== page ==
Morville, It's fine to say "no inappropriate or offensive content," but that's a pretty huge judgment call. Lots of people would say that applies to Hatred. Lots of people would say it applies to Mortal Kombat. Some would say it applies to Mass Effect or Dragon Age. It does very little to make those rules clear or consistent. Same with porn and any other "I'll know it when I see it" categories.

Also, what's "referrals racism"? i might not know that even if I did see it.
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We need to start using AO as a valid descriptor.

Guess what? You have a title that's flagged as Inappropriate/Offensive/OverlySexual; you don't get banned, but only accounts that are 18+ get to see your content. We need to stop with this binary/ether-or scenario where if something is distasteful then no-one is allowed to view it.

Edited 1 times. Last edit by Jason A Bentley on 8th May 2015 3:05pm

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Morville O'Driscoll Blogger & Critic A year ago
@ Brendan

Mmmm... This is true. But surely this is why it's better to be vague and have the keyword-filter system for examining content closer, than have very specific clear-cut rules?

Sincere question: Is there any way to keep content that's acceptable on Steam to everyone except the Westboro Baptist Church, whilst at the same time being more specific about what's not allowed? Narrow it down and say no homophobic or racist terms at all, and you exclude potential products examining the Baltimore riots, or the decriminalisation of homosexuality, for instance.

Personally, I think Valve are once again being naive - they didn't think Greenlight would be used for such awful content. I'm sure they thought that developers would use their common sense, and know when porn (as an example) is allowed in the context of the game, and when it's not.
Also, what's "referrals racism"? i might not know that even if I did see it.
Valve in not proof-reading shocker! :) Obviously (?) that's meant to be "references racism". Though, again, context is key - look at South Park: The Stick of Truth (not on Greenlight, but on Steam). Derogatory terms abound, but in the context of the South Park universe, it's acceptable. (Offensive, yes. But it makes sense.)

I'll hasten to say that I'm not trying to defend Valve's stance particularly, I just think responsibility for what's on Steam should be shared. Valve should step-up with a filtering system, people shouldn't be such assholes, and when they are, other people call them out on it. :)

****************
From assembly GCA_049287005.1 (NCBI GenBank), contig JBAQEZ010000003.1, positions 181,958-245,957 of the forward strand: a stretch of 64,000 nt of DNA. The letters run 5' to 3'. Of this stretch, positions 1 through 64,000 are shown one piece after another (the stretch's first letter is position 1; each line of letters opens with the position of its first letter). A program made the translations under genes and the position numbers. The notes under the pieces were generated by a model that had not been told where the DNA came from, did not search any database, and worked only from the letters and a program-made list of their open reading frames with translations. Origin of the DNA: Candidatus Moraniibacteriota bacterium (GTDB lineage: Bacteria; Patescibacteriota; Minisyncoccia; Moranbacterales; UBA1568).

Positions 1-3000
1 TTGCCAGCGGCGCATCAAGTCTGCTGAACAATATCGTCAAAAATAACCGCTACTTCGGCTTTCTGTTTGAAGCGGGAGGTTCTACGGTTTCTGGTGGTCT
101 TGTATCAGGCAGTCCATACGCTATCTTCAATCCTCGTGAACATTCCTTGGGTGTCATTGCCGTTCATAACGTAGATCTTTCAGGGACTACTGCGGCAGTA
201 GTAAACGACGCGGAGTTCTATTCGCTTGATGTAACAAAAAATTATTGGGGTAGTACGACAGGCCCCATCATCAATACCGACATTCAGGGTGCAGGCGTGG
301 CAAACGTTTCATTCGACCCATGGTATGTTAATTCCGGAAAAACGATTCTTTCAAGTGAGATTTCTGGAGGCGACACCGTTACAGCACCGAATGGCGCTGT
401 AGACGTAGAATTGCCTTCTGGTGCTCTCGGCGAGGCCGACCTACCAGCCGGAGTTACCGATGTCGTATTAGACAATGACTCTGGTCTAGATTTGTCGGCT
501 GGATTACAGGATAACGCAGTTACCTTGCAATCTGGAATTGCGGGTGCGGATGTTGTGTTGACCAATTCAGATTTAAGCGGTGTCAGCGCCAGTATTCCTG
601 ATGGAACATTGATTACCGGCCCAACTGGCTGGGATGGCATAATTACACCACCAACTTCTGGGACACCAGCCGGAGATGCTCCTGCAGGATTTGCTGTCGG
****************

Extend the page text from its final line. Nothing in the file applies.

Edited 2 times. Last edit by Morville O'Driscoll on 8th May 2015 3:13pm

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Morville O'Driscoll Blogger & Critic A year ago
@ Jason

Absolutely. There's games on Steam that I wouldn't want a child of mine stumbling onto, but that I also don't want to see banned/removed. I think it's pretty weak that Valve continue to pretend that everything on Steam is fine-and-dandy just because they have an age-check system, whilst simultaneously disallowing actual adult content.

Edited 1 times. Last edit by Morville O'Driscoll on 8th May 2015 3:28pm

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Lucas Seuren Freelance, Only NetworkA year ago
@Brendan We could of course simply use the law as a starting point. Being offensive is not enough, but racism and discrimination are. In that system, a game where you kill homosexuals is clearly out, but a game where you just randomly slaughter civilians is in.

Sure, there can be discussions about what constitutes racism and what does not. But it certainly is possible to set up some rules and guidelines. And if developers and consumers don't agree with those guidelines, you either change them, or they more to a different publishing platform: "haters are us", for example.
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Ruben Monteiro Engineer A year ago
I know Valve don't want it to be true, but most users of Steam want there to be curated games on Steam and not a free-for-all.
That's not what people want. What they want is not have to wade through piles of games they consider crap to get to the one they'd like.
The quantity and quality of games wanting to coming out is only going to increase (or more likely, explode) over the next years, to a degree that it will simply be impossible to control this at curation level, without leaving really good games or niche stuff out of the loop.